So, what is a better solution to the above situation? It is preferable to utilize an asynchronous Slave server replicating from the PXC cluster for failover. This is the same replication that is built into Percona Server and not Galera. While this may include adding another server, this could be mitigated by the use of garbd. This process will act as an arbitrator to maintain quorum of the cluster and thus decrease the number of data nodes in PXC by running the lightweight garbd process on an app server or some other server in the environment. This keeps server count down in cases that are cost-sensitive.
The asynchronous nature means no sending of flow controls from the node in the remote datacenter. Replication will lag and catch up as needed with the PXC cluster none the wiser. Because all nodes in the PXC cluster are local to one another, ideally latency is minimal and writesets can be applied much more quickly and stalls minimized. Of course, this does come with a few challenges.
One challenge is that due to the nature of asynchronous replication, there can be significant lag in the DR node. This is not always an issue, however, as the only time you are using this server is during a disaster. The writes will be sent over immediately by the Master, so it is reasonable to expect that the DR node will eventually catch up and you hope to not lose any data, although there are no guarantees.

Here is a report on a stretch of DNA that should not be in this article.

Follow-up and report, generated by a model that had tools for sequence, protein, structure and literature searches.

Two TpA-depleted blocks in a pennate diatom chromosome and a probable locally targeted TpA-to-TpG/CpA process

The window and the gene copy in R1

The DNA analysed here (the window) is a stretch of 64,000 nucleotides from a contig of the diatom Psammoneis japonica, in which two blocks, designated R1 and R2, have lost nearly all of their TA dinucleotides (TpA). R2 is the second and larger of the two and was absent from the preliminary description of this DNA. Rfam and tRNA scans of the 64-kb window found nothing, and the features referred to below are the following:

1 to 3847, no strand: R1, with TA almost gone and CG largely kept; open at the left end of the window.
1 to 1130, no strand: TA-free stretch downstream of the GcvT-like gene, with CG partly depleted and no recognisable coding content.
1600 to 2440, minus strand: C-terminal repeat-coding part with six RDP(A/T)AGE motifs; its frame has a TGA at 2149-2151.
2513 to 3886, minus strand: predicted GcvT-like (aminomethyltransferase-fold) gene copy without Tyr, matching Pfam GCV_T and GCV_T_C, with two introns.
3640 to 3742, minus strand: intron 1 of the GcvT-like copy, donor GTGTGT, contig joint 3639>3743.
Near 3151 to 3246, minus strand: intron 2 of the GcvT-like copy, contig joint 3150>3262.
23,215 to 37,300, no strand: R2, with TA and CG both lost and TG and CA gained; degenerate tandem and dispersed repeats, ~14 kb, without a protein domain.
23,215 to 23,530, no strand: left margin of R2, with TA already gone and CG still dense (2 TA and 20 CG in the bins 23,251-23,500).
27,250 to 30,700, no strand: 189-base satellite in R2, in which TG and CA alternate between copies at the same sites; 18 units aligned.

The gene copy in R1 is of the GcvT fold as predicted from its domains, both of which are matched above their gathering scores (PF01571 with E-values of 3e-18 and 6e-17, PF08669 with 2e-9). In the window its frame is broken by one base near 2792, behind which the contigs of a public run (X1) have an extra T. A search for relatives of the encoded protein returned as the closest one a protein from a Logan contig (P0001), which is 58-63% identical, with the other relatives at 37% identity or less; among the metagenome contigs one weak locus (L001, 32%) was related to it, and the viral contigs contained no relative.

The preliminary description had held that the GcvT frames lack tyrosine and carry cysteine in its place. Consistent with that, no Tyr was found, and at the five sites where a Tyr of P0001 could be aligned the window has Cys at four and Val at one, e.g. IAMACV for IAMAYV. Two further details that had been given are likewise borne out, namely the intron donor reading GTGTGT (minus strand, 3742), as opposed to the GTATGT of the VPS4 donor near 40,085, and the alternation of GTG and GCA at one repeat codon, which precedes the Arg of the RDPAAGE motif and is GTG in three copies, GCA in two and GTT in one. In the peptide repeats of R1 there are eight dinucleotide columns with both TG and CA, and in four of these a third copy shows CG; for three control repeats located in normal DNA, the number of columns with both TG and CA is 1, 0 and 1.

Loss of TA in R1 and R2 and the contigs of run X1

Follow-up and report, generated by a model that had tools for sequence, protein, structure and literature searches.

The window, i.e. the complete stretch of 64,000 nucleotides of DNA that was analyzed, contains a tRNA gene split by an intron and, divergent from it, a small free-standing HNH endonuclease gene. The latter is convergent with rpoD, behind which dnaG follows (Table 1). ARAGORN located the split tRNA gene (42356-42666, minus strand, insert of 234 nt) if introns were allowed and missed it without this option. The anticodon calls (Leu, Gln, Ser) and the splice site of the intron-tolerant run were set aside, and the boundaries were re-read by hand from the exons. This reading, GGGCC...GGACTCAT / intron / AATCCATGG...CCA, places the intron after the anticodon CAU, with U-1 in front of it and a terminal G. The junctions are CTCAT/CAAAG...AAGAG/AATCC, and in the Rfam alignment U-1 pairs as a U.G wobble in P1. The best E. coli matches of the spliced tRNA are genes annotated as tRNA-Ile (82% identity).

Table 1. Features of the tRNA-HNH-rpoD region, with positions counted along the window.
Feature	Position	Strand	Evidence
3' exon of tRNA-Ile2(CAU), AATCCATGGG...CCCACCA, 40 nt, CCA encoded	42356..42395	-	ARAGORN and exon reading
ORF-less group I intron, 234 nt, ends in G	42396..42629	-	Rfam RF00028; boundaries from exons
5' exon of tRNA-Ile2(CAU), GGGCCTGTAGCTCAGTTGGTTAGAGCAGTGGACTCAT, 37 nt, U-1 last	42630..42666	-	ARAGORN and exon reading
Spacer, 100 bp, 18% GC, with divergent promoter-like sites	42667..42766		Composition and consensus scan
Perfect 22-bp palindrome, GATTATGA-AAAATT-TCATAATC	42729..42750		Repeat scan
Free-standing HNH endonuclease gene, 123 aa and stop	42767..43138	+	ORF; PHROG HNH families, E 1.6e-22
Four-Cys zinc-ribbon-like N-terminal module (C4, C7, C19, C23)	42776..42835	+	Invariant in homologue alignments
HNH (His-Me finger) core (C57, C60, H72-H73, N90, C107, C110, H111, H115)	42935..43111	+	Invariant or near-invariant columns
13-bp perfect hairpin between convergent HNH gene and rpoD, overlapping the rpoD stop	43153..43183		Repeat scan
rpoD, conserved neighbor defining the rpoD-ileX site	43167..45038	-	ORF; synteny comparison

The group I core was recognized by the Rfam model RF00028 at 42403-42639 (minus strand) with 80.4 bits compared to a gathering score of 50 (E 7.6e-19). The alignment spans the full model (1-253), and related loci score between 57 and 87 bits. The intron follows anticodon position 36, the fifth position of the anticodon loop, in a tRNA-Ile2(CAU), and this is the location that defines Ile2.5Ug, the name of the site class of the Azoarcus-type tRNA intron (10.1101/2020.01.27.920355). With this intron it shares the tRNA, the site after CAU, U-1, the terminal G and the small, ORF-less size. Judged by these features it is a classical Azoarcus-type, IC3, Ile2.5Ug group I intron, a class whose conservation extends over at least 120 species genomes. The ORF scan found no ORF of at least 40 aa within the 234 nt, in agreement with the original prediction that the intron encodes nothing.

This brings us to another concern. Simple asynchronous replication has no guarantee of consistency like PXC provides. In PXC, there are controls in place to guarantee consistency, but asynchronous replication provides none. There are, therefore, cases where data drift can occur between Master and Slave. To mitigate this risk, you can use pt-table-checksum from the Percona Toolkit to detect inconsistency between the Master node of the PXC cluster and the Slave and rectify it with pt-table-sync from the same toolkit. This, of course, requires that you run this process often. If it is done as part of an automated process, it should also be monitored to ensure it is being done and whether or not data drift is occurring.
You will also want to monitor that the Master node does not go down, as there is no built-in process of failing the DR node over to a new Master within the PXC cluster. Our very own Yves Trudeau wrote a utility to manage this, and more information can be found here: https://github.com/y-trudeau/Mysql-tools/tree/master/PXC
While this solution presents some additional complexity, it does provide for a more performant PXC cluster. As a TAM, I have seen geographically-distributed PXC result in countless incidents of a system down in production. Even when the system doesn’t go down, it often slows down due to the latency issues. Why take that performance impact on every transaction for a DR solution that you hope to never use when there is an alternative solution as has been proposed here? Instead, you maybe could benefit from an alternative approach that provides an acceptable failover solution while improving performance day in and day out.